Hawaii knows the drill when it comes to preparing for tropical storms but it seems that lately, that’s the only thing they’re doing, preparing without actually getting hit by any of them, fortunately.
The people of Hawaii are stocking up on water, food, toilet paper and other essential items and wait to be hit by the tropical storms that are common during this time of year. There isn’t any way one could determine how much damage these storms will actually produce, but most Hawaiians aren’t taking any chances, especially now when Hurricane Iselle is expected to hit later this week and Tropical Storm Julio a few days after Iselle.
The stores are selling big and have already started to re-stock with water bottles and canned meat as the avid shoppers are making their ways through the supermarkets. Powerful storms are quite common in the waters around Hawaii, with at least one hitting every year during the storm season.
The news that these two storms are heading towards the Islands has made people more worried than usual. Hurricane Iselle will reach the archipelago by Thursday and Tropical Storm Julio will hit the Islands three days later.
Meteorologist for the National Weather Service in Honolulu, Eric Lau had this to say about the two storms:
Hawaii is a small target in the big ocean, so it just has to be really good timing and the conditions have to be right for us to get a direct hit.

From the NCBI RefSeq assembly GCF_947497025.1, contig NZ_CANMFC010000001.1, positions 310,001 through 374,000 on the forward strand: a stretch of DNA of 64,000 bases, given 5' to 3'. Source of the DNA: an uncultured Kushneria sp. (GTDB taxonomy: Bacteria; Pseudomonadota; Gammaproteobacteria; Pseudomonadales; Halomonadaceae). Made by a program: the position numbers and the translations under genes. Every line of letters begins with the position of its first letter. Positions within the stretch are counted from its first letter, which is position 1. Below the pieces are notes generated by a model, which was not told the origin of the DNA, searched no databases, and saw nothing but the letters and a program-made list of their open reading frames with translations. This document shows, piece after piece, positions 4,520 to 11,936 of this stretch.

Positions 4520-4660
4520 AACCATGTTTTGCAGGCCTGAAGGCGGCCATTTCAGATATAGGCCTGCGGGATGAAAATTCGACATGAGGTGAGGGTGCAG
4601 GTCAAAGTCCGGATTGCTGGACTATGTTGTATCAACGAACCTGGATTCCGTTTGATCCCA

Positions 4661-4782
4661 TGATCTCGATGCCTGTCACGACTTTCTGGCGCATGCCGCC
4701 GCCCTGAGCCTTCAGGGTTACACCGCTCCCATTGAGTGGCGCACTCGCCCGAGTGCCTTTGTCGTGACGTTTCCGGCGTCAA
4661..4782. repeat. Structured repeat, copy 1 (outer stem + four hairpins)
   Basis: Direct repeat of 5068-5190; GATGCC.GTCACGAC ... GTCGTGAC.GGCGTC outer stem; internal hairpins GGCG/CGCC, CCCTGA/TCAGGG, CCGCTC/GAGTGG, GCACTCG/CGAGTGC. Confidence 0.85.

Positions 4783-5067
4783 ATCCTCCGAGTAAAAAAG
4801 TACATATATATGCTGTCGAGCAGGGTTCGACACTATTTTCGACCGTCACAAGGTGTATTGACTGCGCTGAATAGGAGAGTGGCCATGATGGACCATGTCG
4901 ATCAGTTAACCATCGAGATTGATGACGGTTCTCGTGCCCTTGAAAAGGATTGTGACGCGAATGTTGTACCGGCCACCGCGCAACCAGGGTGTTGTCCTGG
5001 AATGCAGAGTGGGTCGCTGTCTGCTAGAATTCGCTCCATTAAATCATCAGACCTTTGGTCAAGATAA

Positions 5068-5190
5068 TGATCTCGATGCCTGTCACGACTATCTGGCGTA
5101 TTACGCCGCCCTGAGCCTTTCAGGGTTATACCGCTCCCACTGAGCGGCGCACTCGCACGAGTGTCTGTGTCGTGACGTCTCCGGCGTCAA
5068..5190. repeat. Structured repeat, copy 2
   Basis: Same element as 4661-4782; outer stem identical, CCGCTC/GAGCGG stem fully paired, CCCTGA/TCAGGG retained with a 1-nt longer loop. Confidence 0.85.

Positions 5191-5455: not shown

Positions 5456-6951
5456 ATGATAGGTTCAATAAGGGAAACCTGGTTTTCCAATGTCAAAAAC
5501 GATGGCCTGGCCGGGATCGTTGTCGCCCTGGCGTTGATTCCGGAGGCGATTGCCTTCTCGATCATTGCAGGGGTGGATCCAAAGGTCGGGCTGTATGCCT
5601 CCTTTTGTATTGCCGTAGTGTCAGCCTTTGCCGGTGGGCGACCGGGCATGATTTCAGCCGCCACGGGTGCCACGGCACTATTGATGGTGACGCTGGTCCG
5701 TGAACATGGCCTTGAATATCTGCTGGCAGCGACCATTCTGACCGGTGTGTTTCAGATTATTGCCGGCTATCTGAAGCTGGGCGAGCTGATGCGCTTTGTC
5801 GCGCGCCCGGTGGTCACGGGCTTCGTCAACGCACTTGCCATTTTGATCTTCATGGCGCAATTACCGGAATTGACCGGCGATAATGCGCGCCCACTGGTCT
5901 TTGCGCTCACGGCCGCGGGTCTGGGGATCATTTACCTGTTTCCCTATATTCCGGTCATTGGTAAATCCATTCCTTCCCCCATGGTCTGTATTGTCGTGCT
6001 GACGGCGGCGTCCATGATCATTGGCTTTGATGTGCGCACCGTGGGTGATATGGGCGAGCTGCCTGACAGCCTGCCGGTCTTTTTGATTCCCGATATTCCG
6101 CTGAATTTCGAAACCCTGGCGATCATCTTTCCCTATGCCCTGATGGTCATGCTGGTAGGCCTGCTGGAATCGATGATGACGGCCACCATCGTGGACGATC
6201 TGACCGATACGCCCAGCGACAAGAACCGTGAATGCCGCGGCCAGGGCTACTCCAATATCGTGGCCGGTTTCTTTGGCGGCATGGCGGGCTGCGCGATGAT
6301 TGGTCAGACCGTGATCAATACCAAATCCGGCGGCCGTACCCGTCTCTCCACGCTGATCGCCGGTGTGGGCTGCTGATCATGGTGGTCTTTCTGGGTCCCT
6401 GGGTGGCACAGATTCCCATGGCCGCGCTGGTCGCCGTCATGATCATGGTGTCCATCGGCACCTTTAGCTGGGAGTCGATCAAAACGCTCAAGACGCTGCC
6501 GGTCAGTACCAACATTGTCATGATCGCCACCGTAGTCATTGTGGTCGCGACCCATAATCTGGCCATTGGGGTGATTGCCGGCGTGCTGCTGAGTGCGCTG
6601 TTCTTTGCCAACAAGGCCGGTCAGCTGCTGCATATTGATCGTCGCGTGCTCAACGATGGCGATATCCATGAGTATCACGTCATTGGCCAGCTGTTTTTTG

Although there is much preparing going on for such powerful storms, Hawaii has only been hit by hurricanes three times in the last 60 years and 147 times by tropical cyclones. Hawaii’s last hurricane was in 1992 when 6 people died and Hurricane Iniki destroyed more than 1,400 homes.
We’ve been lucky so far. So we just need to really take this threat seriously and make sure everybody is prepared.
Assistant general manager of Costco, Scott Ankrom said that the only way the store can prepare for the wave of clients is to open the door and hold on for the ride.
When Hurricane Iselle hits the Big Island on Thursday, it is expected that the hurricane would have weakened to a tropical storm, spokesperson for State Civil Defense, Brian Miyamoto declared. Tropical storms are still quite dangerous, as they can bring winds of up to 50 mph.
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